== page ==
The Lembeh Strait is known to scuba divers far and wide as the world's muck diving capital. Last weekend we decided to go and see what all the fuss was about and hunt for some monsters lurking in the deep.
To the uninitiated, muck diving may perhaps sound like the unenviable chore of a farm hand tasked with keeping the stables in order. In fact, muck diving is all about diving to the ocean floor in search of unusual critters with even more unusual names, like the hairy-frogfish (see the featured pic of this post), nudibranchs, the hairy-squat lobster or flamboyant cuttlefish (I can't help being reminded of the Curious Squid from Terry Pratchett's Discworld series). During these dives the prize isn't fields of brightly coloured tropical coral and pretty fish, but the chance to see life but not quite as we know it.
We began our journey in Manado; many resorts in Lembeh have a sister operation running on the Bunaken islands (just off the coast of Manado in the north-west), and they will take you from Manado to Lembeh via a private car (costing around 400k-500k per person). Despite being coast to coast, the journey takes just over an hour by car, and we didn't really fancy paying this much each for such a short trip. We did some googling, asked at the hotel, and found it was feasible to get to Lembeh from Manado for a fraction of the price.
We first needed to get an angkot (or "mikrolet" around these parts) to the "Paal 2" bus station. This was simple enough, each mikrolet has a sign in the window and sometimes on top, and we just waited outside on the main road near our hotel (the "Top hotel") until one passed us after 10mins. We had a lot of luggage and had to pay for a suitcase and ourselves, which ended up costing us 20k (2 people, 2 big bags). Arriving at the Paal 2 station after about 20mins, we quickly spotted the Bitung bus, boarded and again had to pay for the bags (11k x4 = 44k in total). Reassuringly the locals seemed also to be paying 11,000Rp. The bus isn't the newest and there was no AC, but it is more than just a van, and conditions are not too bad or cramped for the 1hr15min journey. Guning Klabat provides a nice backdrop that can be seen most of the way as you transverse the narrow tip of Sulawesi. Finally, we arrived at the Tangkoko terminal and found another mikrolet to the pier Ruko (again 20k with bags). At the pier, you can either charter a boat (expensive at 100k-200k) directly to your resort, or get a public boat over to the Lembeh pier (6k pp), but then you're stuck with ojeks and only the power of your legs to make it to your actual resort on lembeh (sometimes tricky with luggage through the hills).
Palau Lembeh is not far from the mainland, but the boat is quite slow, maybe 15-20mins to get there. We got the chartered boat as we had a lot of luggage, so in total the trip cost us each 10k+22k+10k+50k = 92k, much cheaper than paying 20 Euros each, and took us around 2-2.5 hours.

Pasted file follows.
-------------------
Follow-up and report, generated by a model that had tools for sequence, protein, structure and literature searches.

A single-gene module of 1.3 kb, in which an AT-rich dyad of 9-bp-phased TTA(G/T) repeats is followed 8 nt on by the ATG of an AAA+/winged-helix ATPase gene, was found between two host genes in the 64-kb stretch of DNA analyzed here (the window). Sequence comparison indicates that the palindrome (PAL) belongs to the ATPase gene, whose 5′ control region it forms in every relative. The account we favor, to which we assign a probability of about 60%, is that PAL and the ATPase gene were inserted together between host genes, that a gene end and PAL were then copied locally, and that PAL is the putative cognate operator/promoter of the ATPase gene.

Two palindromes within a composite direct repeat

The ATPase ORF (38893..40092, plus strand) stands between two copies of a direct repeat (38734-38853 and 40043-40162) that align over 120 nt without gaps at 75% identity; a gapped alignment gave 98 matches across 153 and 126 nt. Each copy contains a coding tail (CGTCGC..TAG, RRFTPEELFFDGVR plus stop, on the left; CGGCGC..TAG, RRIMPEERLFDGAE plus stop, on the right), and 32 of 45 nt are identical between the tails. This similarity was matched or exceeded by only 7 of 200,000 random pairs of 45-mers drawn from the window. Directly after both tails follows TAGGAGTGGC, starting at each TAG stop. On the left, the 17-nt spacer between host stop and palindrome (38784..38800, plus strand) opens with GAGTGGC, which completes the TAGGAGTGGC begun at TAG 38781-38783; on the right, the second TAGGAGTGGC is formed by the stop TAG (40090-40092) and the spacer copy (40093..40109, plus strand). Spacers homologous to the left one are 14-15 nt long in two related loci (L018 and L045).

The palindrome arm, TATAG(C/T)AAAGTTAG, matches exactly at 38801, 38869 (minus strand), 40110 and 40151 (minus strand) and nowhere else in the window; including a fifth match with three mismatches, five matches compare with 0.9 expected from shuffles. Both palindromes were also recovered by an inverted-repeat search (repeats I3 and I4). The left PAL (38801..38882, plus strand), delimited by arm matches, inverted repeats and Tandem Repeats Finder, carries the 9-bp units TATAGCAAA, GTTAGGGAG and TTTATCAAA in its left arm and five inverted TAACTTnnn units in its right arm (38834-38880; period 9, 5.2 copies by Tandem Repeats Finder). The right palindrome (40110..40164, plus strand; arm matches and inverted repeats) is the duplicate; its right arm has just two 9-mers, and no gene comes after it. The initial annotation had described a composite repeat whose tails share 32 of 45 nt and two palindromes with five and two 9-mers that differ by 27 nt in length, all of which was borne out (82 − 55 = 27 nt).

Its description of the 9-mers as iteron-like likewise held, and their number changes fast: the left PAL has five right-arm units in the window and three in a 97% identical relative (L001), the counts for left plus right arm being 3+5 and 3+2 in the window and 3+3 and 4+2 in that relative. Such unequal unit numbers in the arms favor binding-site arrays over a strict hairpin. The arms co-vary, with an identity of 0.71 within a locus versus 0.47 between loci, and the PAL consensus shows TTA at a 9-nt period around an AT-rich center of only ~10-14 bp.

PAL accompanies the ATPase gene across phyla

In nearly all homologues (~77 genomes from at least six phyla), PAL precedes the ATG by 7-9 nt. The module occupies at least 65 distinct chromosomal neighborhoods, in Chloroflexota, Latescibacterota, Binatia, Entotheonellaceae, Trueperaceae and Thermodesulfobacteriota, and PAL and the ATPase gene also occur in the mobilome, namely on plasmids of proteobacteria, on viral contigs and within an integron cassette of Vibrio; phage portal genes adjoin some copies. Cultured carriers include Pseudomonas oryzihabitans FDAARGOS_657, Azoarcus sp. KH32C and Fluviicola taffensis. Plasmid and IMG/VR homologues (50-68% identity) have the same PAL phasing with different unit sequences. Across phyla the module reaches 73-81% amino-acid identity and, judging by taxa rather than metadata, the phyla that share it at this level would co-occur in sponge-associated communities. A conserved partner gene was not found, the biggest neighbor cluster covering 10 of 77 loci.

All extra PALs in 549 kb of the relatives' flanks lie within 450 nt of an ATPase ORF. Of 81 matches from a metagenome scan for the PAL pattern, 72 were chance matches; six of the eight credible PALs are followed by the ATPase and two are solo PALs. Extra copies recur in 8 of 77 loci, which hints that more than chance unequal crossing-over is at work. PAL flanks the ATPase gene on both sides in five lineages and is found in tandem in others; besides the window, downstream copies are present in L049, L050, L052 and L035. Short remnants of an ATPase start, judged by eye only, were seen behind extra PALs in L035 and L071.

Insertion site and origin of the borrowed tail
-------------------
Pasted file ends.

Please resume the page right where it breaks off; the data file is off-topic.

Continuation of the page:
Most of the accommodation in Lembeh is resort-like accommodation for people on holiday with lots of money. There is a place called Daniel's home-stay however that is a little cheaper, but at 25 Euros still a bit pricey by Indonesian standards. I have to confess we read the terms and conditions incorrectly for Bastionas resort, and thought that a budget room without AC was just 25 Euros per night for the room, when in fact it was 25 Euros per person per night for such a room. Oh dear. It was definitely our most expensive accommodation so far in Indonesia, but the room and resort are very nice, and the food was absolutely great. Nasi and Mie Goreng is great, but every now and then you just want a nice bowl of cereal and some yogurt!
This being the first time we had tried muck diving, neither of us knew what to expect. Our dives were at Goby Crab and Kelapa Dua (two coconuts), yes, we only did two dives unfortunately, being on a budget is tough, and diving does not come cheap you know!
Muck divers take their underwater photography very seriously, and everyone on the boat had some serious looking kit. It felt like we'd stumbled into the midst of a nature documentary film crew. The boat and accommodation are well-equipped to deal with camera maintenance. We had bought an underwater camera housing for our (very unfancy) camera whilst in Manado that made claims of being water-resistant to 20m. Nervously, we took it with us on our first dive. It didn't shatter or leak to its credit, however, by 3m down, we knew we'd wasted our money; the housing has a soft rubber area for pressing buttons on top, and the pressure just sealed it and the buttons permanently down, making photography impossible. Obvious in hindsight, but there you go...If buying one these water-resistant cases for your compact camera, make sure you get the type with the external button pressing mechanisms and not just a thin rubber sheet covering the buttons. I guess we have a camera case good for snorkeling now at least!
Muck diving isn't as immediatly thrilling as your normal tropical coral diving. The seabed in Lembeh consists of black sand, cigarettes and empty bottles :), but the critters seem to love it down there and even seem to make these knick-knacks their homes. There isn't much in the way of coral or schools of iridescent fish, but it's interesting none the less, and it was very different from our other diving experiences so far. We didn't see the most sought after critters, like the hairy frogfish or mimic octupus (so-called because it can imitate other animals such as sea snakes, crabs and worms), I guess you need to stay for more than 2 dives for that. We did, however, see Stone fish (they really do look like rocks until they move), Manta shrimp, dragonet, Lion fish, flounder, sea spiders, pipefish, flying gurnard, and lots and lots of colourful nudibranch. It's a strange world down there!